- #1

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I got 0 and -(8/27) as the criticical numbers.

Am I right?

I also want to know if this function as a max and a min.

Note:2/3 is an exponent.

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- Thread starter realism877
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- #1

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I got 0 and -(8/27) as the criticical numbers.

Am I right?

I also want to know if this function as a max and a min.

Note:2/3 is an exponent.

- #2

- 22,129

- 3,297

Use the x

Your critical points are correct. So can you tell me when the function is increasing and decreasing?? This will give you information about possible maxima and minima.

- #3

SammyS

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Hello realism877.Function:x+x^{2/3}

I got 0 and -(8/27) as the critical numbers.

Am I right?

I also want to know if this function as a max and a min.

Note:2/3 is an exponent.

(Use the ' X

How did you get the critical numbers?

What did you get for a first derivative?

x+x

- #4

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Use the x^{2}and the x_{2}buttons for displaying exponents.

Your critical points are correct. So can you tell me when the function is increasing and decreasing?? This will give you information about possible maxima and minima.

The function is increasing (-infinity, -8/27)u(0,+infinity)

Decreasing (-8/27)

Absolute max= (-8/27, .1481)

Absolute min= (0,0)

Are my findings correct?

- #5

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The function is increasing (-infinity, -8/27)u(0,+infinity)

Decreasing (-8/27)

You mean that it's decreasing in (-8/27,0), right?

Absolute max= (-8/27, .1481)

Absolute min= (0,0)

These certainly are

The only way to know is by calculating the limits in [itex]\pm \infty[/itex] and see to where the function increases...

- #6

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Yes, (-8/27, 0) decreasingYou mean that it's decreasing in (-8/27,0), right?

These certainly arerelativeminima and maxima, but that doesn't make them absolute. the function increases after 0, so it might get very big. The function increases before -8/27, so it might get really small.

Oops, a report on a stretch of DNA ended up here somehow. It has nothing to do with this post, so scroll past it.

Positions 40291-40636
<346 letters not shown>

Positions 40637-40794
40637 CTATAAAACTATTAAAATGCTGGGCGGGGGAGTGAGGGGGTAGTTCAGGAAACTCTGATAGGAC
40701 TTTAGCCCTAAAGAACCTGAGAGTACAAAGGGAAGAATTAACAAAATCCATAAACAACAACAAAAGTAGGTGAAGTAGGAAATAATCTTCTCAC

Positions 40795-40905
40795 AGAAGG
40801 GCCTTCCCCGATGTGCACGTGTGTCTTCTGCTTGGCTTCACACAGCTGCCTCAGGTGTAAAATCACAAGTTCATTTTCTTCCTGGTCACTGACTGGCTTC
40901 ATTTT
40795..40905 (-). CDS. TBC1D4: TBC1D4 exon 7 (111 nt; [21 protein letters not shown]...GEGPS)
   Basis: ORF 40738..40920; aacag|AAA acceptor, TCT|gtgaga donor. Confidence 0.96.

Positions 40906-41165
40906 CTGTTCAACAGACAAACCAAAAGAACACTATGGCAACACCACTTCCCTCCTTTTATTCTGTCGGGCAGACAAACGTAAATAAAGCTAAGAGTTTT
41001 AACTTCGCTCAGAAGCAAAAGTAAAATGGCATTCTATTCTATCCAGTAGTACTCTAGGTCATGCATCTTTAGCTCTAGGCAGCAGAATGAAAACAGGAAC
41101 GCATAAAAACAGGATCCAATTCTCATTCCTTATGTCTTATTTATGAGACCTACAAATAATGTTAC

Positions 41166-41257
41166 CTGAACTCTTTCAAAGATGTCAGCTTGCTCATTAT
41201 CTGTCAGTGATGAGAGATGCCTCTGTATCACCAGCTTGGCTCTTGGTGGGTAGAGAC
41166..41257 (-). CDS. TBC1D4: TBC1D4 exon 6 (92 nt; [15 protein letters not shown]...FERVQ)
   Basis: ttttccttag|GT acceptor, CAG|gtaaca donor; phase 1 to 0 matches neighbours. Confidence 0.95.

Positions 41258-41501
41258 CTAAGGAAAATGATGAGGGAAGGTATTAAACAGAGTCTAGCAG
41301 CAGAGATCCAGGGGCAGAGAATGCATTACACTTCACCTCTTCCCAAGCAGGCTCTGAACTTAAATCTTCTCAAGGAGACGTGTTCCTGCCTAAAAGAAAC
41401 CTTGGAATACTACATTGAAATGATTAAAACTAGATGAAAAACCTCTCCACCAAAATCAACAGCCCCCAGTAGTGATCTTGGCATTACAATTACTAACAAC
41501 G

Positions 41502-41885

The only way to know is by calculating the limits in [itex]\pm \infty[/itex] and see to where the function increases...

Are they local maxima and minima? The values I posted.

- #7

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Yes, (-8/27, 0) decreasing

Are they local maxima and minima? The values I posted.

The function increases before -8/27 and decreases after, so it's a local maximum. The same with local minimum.

But you'll need to do some more work to determine whether they are global maxima/minima.

- #8

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The function increases before -8/27 and decreases after, so it's a local maximum. The same with local minimum.

But you'll need to do some more work to determine whether they are global maxima/minima.

There are none.

The function is (-infinity, +infinity)

Am I on to something?

- #9

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There are none.

The function is (-infinity, +infinity)

Am I on to something?

Yes, you are entirely correct! You might want to prove that the range is [itex](-\infty,+\infty)[/itex]...

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SammyS

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- #11

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Yes, you are entirely correct! You might want to prove that the range is [itex](-\infty,+\infty)[/itex]...

Thanks

I did the second derivative check, and I tried to get the critical numbers. it resulted to 1=0.

From my calculator it looks like there is concavity down. But how can I determine concavity algebraically?

- #12

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How do I show?

- #13

SammyS

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lim_{x→0+ }f(x) = lim_{x→0- }f(x) = f(0)

For concavity:

Isn't the second derivative negative everywhere, except at x = 0, where it does not exist ?

- #14

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How do I know where thereis convavity, if I don't have 0s to do a number line to check where is positive or negative?

- #15

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If you can't get it, what do you have as the second derivative?

I just have to say I think this is a squirrely function...bends and corners... icky.

- #16

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I do remember not being able to solve for x.

Can someone verify for me that there are no 0s for the second derivative test?

- #17

SammyS

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There are no zeros for the second derivative, but there is a critical point.

I do remember not being able to solve for x.

Can someone verify for me that there are no 0s for the second derivative test?

Look at the second derivative (when you get back to your working paper). It should be obvious that it is negative wherever it's defined.

- #18

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There are no zeros for the second derivative, but there is a critical point.

Look at the second derivative (when you get back to your working paper). It should be obvious that it is negative wherever it's defined.

I don't understand. How can I get a criticial point if I can't get a 0?

- #19

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- #20

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Where do I plug in values in?

- #21

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There is no point of inflection.

Correct?

- #22

SammyS

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Correct.

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